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State v. Curtis

Court of Appeals of Missouri, Eastern District, Second Division

August 30, 2016

STATE OF MISSOURI, Respondent,
v.
ANTHONY CURTIS, Appellant.

         Appeal from the Circuit Court of the City of St. Louis Cause No. 1422-CR03331 Honorable Margaret Mary Neill

          Colleen Dolan, Judge

         I. Introduction

         Anthony Curtis, ("Defendant"), appeals the trial court's judgment entered upon a jury verdict finding him guilty of two counts of assault in the first degree, two counts of unlawful use of a weapon, and four counts of armed criminal action. Specifically, Defendant contends there is insufficient evidence to support his convictions with respect to Counts I and III (assault in the first degree of Ebony Washington and her sister Errianna Washington)[1] and Counts II and IV (the accompanying armed criminal action charges).[2] The Defendant does not appeal his conviction under Counts V-VIII. We affirm.

         II. Factual and Procedural Background

         On January 29, 2012, at approximately 6:00 p.m., Ebony and Errianna Washington witnessed two groups fighting on the corner of 16th Street and Biddle Street with five to fifteen people involved. At the time, Ebony lived at 1550 Biddle Street, sharing a common porch with her great-grandmother, Mary Hubbard, and Errianna lived nearby at 1647 Cole Street. When the fight started, Ms. Hubbard was asleep, and Ebony went onto her porch to observe the fighting. Errianna was taking her trash out and went to check on her sister after she heard the commotion.

         After Ebony called the police and the fight subsided, she walked to the street corner to talk to one of the participants. She and her sister observed a woman named Chiffon pacing nearby while talking on a cell phone. They watched Chiffon approach a black Dodge Magnum and speak to a person in the back passenger seat, whom the sisters later identified as the Defendant. At this point, Ebony and Errianna were standing together at the corner of 16th and Biddle and each testified that Chiffon pointed in their general direction, where others from the fight were standing.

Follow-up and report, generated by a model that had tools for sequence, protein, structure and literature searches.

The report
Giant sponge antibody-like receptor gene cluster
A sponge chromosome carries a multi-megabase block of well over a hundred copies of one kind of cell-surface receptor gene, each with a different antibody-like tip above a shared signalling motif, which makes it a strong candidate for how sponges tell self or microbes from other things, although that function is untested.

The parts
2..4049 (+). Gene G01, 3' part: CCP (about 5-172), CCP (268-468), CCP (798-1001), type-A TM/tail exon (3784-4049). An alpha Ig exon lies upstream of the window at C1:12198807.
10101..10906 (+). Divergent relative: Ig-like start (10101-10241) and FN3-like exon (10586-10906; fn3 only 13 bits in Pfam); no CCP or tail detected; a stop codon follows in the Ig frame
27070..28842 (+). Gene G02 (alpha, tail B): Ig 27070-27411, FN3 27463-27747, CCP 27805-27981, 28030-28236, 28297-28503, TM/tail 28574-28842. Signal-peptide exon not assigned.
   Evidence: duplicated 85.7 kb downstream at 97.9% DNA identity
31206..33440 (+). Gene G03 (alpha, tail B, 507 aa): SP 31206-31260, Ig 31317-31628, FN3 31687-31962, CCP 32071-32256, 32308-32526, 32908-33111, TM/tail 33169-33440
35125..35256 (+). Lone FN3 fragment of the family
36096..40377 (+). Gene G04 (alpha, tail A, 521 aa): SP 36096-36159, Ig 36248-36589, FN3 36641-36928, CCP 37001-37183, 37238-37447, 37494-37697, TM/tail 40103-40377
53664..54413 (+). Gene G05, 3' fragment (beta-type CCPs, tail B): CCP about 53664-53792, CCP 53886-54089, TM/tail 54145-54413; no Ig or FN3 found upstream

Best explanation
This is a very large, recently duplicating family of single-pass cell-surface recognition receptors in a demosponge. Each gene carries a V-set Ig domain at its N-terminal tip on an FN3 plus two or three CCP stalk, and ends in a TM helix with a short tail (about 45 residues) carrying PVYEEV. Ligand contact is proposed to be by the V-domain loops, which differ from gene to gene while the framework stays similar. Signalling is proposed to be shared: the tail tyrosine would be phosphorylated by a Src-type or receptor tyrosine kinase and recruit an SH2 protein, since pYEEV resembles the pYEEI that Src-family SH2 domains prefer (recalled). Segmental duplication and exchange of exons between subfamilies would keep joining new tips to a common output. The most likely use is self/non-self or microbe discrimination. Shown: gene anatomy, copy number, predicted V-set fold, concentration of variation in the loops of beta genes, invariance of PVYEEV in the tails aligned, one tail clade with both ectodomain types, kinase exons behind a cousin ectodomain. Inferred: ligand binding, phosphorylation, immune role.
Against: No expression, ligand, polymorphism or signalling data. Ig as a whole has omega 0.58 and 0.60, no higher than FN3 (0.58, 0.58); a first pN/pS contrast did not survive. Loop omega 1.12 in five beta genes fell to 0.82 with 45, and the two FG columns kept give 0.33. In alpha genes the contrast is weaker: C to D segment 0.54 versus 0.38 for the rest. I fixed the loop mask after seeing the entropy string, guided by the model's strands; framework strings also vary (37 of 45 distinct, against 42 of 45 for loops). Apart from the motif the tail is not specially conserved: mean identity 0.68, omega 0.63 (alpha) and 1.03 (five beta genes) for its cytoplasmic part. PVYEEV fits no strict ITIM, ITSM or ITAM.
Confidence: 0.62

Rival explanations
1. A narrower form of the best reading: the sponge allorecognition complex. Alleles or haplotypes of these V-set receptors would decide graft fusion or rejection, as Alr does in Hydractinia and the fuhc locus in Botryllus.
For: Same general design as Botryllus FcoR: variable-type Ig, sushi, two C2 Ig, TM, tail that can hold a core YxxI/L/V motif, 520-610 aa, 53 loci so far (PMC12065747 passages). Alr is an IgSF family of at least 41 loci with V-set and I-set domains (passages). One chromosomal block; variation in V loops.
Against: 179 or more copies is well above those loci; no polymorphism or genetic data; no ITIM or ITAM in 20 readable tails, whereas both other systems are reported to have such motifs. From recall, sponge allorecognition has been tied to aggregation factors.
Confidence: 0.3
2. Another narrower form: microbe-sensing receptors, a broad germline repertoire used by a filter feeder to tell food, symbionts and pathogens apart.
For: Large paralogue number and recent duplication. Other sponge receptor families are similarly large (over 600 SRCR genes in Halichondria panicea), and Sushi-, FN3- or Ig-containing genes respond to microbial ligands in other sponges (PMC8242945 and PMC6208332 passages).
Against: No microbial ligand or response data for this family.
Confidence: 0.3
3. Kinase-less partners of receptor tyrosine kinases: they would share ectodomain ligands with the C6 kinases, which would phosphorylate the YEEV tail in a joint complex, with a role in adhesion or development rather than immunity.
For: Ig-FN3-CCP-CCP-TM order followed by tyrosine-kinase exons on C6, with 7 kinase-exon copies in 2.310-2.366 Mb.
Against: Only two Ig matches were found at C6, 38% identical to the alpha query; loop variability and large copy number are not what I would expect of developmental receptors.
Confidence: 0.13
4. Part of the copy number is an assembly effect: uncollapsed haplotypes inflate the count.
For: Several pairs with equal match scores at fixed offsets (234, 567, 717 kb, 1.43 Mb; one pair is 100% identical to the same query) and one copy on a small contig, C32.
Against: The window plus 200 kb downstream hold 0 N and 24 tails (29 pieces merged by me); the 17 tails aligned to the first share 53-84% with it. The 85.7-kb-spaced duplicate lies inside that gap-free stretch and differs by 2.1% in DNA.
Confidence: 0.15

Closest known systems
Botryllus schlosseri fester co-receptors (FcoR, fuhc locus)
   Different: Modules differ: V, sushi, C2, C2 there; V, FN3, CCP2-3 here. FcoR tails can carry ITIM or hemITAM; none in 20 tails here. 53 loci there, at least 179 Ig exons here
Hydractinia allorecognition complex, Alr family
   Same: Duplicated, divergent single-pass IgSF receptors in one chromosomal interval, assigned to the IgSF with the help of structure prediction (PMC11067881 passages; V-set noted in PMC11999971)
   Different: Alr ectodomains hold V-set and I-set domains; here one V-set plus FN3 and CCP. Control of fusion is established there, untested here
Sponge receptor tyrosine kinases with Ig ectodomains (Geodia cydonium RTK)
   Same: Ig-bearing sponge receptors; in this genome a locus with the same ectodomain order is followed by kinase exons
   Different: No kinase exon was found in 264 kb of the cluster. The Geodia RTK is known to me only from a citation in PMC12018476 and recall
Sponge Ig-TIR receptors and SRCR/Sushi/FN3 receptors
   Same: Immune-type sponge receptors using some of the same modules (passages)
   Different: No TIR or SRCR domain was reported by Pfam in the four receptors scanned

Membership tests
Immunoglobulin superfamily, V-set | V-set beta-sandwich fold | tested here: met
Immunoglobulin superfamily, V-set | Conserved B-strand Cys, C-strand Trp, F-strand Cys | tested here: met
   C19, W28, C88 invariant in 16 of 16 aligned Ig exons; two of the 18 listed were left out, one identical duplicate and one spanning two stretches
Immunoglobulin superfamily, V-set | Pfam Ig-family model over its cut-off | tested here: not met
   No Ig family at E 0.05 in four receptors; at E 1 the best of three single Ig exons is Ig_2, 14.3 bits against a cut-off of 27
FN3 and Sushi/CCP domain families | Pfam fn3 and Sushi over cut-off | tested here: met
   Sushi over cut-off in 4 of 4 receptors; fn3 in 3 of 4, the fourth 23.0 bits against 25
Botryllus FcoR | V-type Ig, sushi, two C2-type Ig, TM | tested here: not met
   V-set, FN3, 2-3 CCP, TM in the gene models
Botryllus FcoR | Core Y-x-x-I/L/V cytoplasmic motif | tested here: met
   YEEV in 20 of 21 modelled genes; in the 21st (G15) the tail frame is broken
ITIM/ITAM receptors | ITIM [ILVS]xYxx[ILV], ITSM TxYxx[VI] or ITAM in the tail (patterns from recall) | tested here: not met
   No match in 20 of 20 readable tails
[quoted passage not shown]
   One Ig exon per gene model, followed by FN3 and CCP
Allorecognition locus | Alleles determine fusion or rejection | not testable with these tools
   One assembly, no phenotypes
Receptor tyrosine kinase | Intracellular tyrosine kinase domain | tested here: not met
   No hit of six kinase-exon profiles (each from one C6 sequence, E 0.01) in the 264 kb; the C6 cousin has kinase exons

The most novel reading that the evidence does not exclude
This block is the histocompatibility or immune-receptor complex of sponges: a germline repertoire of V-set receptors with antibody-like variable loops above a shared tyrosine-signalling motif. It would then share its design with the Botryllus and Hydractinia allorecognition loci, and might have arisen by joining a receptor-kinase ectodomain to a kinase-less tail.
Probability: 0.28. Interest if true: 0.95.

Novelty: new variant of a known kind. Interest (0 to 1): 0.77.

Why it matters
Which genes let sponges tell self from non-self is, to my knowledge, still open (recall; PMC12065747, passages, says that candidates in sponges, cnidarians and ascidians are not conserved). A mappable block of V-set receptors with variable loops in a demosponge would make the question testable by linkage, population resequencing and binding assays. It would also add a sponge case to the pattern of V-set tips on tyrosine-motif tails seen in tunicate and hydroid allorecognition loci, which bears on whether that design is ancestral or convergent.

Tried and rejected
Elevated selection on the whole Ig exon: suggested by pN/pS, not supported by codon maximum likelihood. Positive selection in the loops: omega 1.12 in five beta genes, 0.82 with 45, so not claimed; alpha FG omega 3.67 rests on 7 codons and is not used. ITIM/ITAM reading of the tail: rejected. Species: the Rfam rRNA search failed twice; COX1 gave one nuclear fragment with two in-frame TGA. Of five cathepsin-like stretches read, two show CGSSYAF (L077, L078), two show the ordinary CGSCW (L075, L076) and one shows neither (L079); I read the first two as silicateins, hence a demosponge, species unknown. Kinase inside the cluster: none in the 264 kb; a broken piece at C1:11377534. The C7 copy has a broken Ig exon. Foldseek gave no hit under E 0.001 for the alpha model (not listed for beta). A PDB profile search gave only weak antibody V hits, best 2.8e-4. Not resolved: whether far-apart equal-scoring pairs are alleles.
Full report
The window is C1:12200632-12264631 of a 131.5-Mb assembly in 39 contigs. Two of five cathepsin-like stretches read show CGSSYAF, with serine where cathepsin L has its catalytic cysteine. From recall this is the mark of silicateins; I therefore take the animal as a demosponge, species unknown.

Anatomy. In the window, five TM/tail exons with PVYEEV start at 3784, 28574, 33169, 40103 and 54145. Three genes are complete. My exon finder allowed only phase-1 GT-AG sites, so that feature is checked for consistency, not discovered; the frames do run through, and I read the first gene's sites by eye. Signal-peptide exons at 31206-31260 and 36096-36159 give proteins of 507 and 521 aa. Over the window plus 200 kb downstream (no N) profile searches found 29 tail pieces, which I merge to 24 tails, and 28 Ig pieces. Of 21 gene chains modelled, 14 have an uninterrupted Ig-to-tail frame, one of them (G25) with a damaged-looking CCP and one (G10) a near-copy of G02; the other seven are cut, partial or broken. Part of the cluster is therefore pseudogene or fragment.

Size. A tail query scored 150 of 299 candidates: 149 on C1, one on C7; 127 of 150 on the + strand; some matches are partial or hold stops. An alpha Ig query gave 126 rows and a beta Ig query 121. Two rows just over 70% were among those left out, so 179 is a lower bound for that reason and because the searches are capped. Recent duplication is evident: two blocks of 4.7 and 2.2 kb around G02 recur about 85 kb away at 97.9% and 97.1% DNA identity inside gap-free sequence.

Both sisters watched the car suddenly accelerate down 16th Street; turn right on Biddle, stop, and saw Defendant shooting a semiautomatic handgun in their direction. Ebony stated she was in the line of fire and ran toward her apartment but when she reached her door, she looked back and saw her sister standing frozen and Ebony screamed "my sister, my sister." Errianna testified she saw Defendant shooting at the crowd and froze but could hear her sister screaming at her to run. She stated that as she ran through the crowd toward her sister's porch, she could feel the dirt flying in her face from the shots hitting the ground around her. Both girls identified Defendant as the shooter. Errianna testified she saw Defendant shooting at another person running side by side with her through the crowd and that if she had been a little taller she probably would have been hit by the gunfire.

         Forensics revealed bullets had been shot through the windows and into the home of Mary Hubbard. Both sisters told the police that Defendant had shot at them and identified him from a photo lineup and at trial. The Defendant did not testify or present any evidence. At the close of the state's evidence and at the close of all the evidence, Defendant filed motions for judgment of acquittal, which the trial court denied. The jury found him guilty of all eight counts. The trial court sentenced Defendant to serve ten years on Counts I-IV, with the sentences to run concurrently.